Direct-to-Consumer Genetic Testing: Will It Go Away?

September 1, 2015
Direct-to-Consumer Genetic Testing: Will It Go Away?
Healthcare professionals express concern that due to complexities of genetic testing and counseling, the self-ordering of genetic tests by patients could cause harm. [DepositPhotos/ Julia_Tim (modified by Clinical OMICs]

Patricia Fitzpatrick Dimond, Ph.D.

The NIH defines direct-to-consumer genetic tests (DTCs) as those aimed at consumers via television, print advertisements, or the Internet. Also known as at-home genetic tests they provide access to a person’s genetic information without necessarily involving a doctor or insurance company in the process.

Causing controversy among healthcare professionals and heavily marketed by the companies that provide them, the tests prompted concern among healthcare professionals, such as the American College of Medicine Genetics board of directors, which said in 2004 that due to complexities of genetic testing and counseling, the self-ordering of genetic tests by patients could potentially cause harm. Potential pitfalls, according to the organization, include inappropriate test utilization, misinterpretation of test results, lack of necessary follow-up, and other adverse consequences.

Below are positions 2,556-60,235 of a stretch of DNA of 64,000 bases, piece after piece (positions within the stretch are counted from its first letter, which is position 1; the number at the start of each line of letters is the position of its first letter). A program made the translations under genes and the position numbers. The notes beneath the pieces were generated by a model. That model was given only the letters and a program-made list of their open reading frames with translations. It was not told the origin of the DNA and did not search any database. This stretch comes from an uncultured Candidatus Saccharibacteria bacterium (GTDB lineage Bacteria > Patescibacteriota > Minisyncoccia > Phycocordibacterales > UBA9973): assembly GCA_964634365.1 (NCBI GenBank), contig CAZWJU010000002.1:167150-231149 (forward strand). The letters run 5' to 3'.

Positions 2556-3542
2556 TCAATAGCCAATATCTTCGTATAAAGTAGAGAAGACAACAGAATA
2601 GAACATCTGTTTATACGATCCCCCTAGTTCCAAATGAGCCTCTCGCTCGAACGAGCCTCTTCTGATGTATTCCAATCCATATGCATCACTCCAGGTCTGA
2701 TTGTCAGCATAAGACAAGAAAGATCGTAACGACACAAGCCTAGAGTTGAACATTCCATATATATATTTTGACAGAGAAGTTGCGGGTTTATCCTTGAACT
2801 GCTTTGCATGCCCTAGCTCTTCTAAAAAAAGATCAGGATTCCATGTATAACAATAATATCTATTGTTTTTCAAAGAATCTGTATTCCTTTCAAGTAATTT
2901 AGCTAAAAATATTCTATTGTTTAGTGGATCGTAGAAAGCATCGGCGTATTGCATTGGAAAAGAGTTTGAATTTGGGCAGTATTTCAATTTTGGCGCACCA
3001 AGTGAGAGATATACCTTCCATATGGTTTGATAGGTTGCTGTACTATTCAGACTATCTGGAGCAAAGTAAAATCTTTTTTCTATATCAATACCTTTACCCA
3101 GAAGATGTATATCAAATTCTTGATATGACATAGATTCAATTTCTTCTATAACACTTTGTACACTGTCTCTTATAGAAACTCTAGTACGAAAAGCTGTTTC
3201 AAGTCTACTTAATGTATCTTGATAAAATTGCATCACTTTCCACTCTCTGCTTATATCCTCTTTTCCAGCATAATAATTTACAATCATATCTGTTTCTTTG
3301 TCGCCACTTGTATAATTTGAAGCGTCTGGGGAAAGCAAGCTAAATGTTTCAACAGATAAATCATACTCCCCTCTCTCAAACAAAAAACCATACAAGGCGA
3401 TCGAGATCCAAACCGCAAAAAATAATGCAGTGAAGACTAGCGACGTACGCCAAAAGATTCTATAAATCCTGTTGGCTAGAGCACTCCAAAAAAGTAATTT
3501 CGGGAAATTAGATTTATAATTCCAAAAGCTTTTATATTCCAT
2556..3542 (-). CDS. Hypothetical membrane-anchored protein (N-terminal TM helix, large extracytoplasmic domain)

The widespread availability of these tests offered by multiple companies, including 23and Me, Decode Genetics, DNA Direct, and Genelux to name a few, had driven consumer demand and interest.

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